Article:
[R] multiple imputation with fit.mult.impute in Hmisc

Frank E Harrell Jr fharrell at virginia.edu
Mon Jul 28 04:20:10 CEST 2003

On Sun, 27 Jul 2003 14:47:30 -0400
Jonathan Baron <baron at psych.upenn.edu> wrote:

> I have always avoided missing data by keeping my distance from
> the real world.  But I have a student who is doing a study of
> real patients.  We're trying to test regression models using
> multiple imputation.  We did the following (roughly):
> f <- aregImpute(~ [list of 32 variables, separated by + signs],
>  n.impute=20, defaultLinear=T, data=t1)
> # I read that 20 is better than the default of 5.
> # defaultLinear makes sense for our data.
> fmp <- fit.mult.impute(Y ~ X1 + X2 ... [for the model of interest],
>  xtrans=f, fitter=lm, data=t1)
> and all goes well (usually) except that we get the following
> message at the end of the last step:
>  Warning message: Not using a Design fitting function;
>  summary(fit) will use standard errors, t, P from last imputation
>  only.  Use Varcov(fit) to get the correct covariance matrix,
>  sqrt(diag(Varcov(fit))) to get s.e.
> I did try using sqrt(diag(Varcov(fmp))), as it suggested, and it
> didn't seem to change anything from when I did summary(fmp).
> But this Warning message sounds scary.  It sounds like the whole
> process of multiple imputation is being ignored, if only the last
> one is being used.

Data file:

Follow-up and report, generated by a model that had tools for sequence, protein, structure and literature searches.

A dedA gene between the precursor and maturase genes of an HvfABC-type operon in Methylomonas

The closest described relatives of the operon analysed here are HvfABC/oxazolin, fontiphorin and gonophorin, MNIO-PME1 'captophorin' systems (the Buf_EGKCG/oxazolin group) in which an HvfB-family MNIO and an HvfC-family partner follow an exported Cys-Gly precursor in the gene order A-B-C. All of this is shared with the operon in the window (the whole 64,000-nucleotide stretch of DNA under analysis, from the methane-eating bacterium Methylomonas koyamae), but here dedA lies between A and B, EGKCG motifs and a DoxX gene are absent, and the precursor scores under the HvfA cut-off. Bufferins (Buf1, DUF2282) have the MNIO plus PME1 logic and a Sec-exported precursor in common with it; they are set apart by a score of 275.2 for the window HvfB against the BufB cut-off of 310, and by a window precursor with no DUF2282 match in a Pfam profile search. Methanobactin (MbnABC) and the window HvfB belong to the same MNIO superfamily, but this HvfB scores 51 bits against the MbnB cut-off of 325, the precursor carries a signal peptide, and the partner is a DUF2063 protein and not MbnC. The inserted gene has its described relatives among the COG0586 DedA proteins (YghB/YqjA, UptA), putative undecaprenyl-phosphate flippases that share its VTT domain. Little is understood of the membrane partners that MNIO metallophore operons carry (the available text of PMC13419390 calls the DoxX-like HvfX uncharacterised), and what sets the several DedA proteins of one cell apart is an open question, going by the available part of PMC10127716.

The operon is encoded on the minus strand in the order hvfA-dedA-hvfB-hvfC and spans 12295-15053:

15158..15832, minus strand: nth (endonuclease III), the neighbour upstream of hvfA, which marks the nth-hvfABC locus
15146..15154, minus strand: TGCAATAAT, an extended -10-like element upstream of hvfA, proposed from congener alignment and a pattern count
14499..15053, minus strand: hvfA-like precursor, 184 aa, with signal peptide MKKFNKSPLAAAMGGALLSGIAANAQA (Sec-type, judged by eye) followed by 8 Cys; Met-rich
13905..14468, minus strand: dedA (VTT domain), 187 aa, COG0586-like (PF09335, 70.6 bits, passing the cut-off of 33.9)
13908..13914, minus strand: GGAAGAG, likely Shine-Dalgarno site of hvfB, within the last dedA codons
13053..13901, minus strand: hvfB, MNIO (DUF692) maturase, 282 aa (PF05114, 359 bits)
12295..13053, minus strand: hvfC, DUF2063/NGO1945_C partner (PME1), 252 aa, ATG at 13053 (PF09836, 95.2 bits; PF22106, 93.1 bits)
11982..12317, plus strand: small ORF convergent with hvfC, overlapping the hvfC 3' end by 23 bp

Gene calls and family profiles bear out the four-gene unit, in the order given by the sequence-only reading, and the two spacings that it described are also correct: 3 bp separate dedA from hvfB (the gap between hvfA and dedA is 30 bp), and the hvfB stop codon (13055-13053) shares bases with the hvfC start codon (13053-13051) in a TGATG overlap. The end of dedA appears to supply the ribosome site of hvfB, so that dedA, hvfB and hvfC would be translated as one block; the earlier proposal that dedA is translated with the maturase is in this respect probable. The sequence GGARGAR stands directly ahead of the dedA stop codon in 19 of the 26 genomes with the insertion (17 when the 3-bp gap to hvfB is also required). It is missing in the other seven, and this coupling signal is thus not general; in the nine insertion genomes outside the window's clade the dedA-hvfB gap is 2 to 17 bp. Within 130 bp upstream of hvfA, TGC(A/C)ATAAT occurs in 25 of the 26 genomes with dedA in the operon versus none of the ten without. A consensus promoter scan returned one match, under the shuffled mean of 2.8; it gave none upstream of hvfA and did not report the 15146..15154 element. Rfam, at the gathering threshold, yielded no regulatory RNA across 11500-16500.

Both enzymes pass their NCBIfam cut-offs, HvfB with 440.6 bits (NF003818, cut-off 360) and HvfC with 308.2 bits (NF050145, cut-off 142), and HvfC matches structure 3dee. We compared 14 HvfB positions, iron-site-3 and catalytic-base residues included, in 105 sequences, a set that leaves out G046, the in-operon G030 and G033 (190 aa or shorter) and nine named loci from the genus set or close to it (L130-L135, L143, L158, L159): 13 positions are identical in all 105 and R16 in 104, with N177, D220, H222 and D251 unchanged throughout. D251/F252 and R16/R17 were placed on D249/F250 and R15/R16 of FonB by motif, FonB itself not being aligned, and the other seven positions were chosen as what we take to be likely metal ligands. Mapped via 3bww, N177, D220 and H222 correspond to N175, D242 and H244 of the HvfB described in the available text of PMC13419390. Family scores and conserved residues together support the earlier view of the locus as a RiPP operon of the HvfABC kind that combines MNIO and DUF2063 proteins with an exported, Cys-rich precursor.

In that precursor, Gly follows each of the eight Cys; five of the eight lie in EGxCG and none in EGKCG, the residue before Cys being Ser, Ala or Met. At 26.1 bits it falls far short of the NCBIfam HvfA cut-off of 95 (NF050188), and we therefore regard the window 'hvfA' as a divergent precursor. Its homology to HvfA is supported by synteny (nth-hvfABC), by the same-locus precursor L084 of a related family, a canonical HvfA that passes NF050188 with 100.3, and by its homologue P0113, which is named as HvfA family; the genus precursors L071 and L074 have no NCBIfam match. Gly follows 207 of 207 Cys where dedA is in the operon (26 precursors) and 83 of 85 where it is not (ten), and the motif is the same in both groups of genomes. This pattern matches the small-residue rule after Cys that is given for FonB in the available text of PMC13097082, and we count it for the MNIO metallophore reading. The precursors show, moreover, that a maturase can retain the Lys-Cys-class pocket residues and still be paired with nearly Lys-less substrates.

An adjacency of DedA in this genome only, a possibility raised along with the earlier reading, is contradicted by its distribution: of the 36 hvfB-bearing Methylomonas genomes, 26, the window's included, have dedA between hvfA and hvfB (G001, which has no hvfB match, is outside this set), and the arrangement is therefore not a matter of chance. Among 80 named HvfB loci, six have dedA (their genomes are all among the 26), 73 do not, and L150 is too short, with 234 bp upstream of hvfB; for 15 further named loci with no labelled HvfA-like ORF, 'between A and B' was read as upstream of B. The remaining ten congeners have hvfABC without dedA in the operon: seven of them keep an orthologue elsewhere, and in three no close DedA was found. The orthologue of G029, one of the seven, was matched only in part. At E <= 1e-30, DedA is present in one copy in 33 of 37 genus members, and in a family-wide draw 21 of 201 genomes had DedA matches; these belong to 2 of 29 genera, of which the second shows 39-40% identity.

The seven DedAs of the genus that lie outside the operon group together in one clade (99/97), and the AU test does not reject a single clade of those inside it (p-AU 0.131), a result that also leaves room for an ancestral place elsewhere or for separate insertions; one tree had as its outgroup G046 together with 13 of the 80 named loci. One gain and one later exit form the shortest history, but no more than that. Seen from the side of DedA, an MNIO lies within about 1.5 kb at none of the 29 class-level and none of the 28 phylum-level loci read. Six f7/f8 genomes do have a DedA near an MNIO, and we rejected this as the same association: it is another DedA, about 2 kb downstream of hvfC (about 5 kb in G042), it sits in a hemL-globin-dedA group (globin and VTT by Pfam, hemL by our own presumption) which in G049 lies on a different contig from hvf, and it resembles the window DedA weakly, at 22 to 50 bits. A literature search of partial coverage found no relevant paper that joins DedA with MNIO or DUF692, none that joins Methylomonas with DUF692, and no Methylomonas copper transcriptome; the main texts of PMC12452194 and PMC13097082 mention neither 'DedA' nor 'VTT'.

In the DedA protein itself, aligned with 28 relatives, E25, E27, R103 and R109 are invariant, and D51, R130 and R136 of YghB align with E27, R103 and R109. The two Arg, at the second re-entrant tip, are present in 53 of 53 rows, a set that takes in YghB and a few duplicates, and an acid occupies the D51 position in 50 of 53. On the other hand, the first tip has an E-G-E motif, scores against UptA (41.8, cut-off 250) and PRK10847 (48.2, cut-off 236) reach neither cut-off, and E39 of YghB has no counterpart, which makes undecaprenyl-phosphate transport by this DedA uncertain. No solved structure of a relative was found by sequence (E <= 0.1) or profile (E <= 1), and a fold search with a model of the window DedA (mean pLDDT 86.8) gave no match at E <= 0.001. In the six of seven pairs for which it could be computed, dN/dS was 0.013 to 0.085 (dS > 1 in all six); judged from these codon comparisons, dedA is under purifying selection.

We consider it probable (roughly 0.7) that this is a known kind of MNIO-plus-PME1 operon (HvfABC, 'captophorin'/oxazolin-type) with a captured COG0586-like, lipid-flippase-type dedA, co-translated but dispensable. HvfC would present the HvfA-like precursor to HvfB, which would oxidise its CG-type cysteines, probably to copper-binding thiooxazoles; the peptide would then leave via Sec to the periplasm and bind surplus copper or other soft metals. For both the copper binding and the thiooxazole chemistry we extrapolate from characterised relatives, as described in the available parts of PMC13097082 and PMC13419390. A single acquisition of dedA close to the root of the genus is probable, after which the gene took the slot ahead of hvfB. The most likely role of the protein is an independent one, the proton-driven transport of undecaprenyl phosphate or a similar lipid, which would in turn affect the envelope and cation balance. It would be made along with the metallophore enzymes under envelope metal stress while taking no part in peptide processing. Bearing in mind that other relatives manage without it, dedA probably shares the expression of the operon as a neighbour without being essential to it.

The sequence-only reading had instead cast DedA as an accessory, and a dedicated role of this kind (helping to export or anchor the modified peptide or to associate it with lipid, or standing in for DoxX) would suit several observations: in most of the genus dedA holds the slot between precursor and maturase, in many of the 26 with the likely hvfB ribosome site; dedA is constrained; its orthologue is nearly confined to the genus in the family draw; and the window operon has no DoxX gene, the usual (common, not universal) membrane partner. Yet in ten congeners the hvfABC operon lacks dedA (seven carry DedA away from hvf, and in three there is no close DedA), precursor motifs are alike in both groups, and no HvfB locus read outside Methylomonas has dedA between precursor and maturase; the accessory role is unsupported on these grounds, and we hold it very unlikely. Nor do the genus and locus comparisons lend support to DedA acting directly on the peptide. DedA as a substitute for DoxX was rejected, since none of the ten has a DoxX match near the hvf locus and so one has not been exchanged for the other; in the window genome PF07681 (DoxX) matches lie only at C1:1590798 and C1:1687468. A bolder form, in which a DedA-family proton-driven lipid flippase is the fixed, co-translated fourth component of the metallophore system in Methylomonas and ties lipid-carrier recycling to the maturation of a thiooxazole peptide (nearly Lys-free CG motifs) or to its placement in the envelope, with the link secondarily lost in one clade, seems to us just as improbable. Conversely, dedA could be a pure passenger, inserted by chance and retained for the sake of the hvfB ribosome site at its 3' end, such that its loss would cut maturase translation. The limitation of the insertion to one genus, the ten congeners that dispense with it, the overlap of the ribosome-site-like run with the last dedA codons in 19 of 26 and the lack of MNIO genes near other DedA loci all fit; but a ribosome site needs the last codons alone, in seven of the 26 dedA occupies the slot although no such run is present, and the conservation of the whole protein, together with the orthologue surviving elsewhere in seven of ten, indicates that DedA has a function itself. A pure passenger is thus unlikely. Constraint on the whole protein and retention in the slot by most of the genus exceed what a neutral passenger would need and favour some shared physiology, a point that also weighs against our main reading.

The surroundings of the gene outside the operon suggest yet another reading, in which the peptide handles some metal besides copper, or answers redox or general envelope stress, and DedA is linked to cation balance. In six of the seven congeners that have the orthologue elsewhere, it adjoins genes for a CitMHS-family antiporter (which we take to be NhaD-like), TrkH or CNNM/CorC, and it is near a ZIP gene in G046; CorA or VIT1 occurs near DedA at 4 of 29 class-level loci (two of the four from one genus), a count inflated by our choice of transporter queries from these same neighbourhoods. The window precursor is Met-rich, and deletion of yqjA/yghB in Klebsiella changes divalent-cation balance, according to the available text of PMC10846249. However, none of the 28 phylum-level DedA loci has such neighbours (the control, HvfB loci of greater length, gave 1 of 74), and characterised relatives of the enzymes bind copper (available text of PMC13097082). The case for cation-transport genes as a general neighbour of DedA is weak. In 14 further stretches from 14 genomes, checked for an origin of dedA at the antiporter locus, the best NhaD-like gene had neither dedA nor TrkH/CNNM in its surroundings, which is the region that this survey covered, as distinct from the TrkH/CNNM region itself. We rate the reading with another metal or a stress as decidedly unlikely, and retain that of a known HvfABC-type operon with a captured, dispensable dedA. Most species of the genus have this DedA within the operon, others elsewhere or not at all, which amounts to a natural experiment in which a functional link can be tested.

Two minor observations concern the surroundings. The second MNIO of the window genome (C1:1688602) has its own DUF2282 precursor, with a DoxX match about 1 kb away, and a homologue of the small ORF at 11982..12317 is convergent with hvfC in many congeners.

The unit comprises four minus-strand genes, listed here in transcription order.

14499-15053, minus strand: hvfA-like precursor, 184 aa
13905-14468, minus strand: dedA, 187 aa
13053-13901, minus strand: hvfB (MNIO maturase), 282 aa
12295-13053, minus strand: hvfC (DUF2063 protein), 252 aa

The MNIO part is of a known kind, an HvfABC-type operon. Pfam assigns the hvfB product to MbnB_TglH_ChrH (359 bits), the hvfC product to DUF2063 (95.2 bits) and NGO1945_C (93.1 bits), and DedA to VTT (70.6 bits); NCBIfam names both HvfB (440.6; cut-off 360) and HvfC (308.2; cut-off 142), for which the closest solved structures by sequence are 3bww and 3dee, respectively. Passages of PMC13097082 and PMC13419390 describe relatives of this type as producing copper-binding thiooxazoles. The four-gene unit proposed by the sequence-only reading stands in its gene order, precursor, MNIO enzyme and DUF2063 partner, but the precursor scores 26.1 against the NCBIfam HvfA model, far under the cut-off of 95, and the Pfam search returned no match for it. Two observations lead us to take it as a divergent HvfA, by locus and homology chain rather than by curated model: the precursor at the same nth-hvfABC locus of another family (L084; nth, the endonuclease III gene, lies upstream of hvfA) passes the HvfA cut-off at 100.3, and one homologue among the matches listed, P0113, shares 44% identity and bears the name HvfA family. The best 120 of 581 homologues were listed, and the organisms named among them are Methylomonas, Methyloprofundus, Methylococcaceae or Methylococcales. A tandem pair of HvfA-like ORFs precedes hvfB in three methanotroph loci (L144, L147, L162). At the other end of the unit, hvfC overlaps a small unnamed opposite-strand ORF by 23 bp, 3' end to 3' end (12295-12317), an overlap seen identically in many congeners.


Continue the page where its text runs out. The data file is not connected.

The warning message may be ignored.  But the advice to use Varcov(fmp) is faulty for lm fits - I will fix that in the next release of Hmisc.  You may get the imputation-corrected covariance matrix for now using fmp$var

> So I discovered I could get rid of this warning by loading the
> Design library and then using ols instead of lm as the fitter in
> fit.mult.imput.  It seems that ols provides a variance/covariance
> matrix (or something) that fit.mult.impute can use.

That works too.


> But here I am beyond my (very recently acquired) understanding of
> what this is all about.
> Should I worry about that warning message?  Or am I maybe off the
> track in some larger way?
> -- 
> Jonathan Baron, Professor of Psychology, University of Pennsylvania
> Home page:            http://www.sas.upenn.edu/~baron
> R page:               http://finzi.psych.upenn.edu/
> ______________________________________________
> R-help at stat.math.ethz.ch mailing list
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Frank E Harrell Jr              Prof. of Biostatistics & Statistics
Div. of Biostatistics & Epidem. Dept. of Health Evaluation Sciences
U. Virginia School of Medicine  http://hesweb1.med.virginia.edu/biostat

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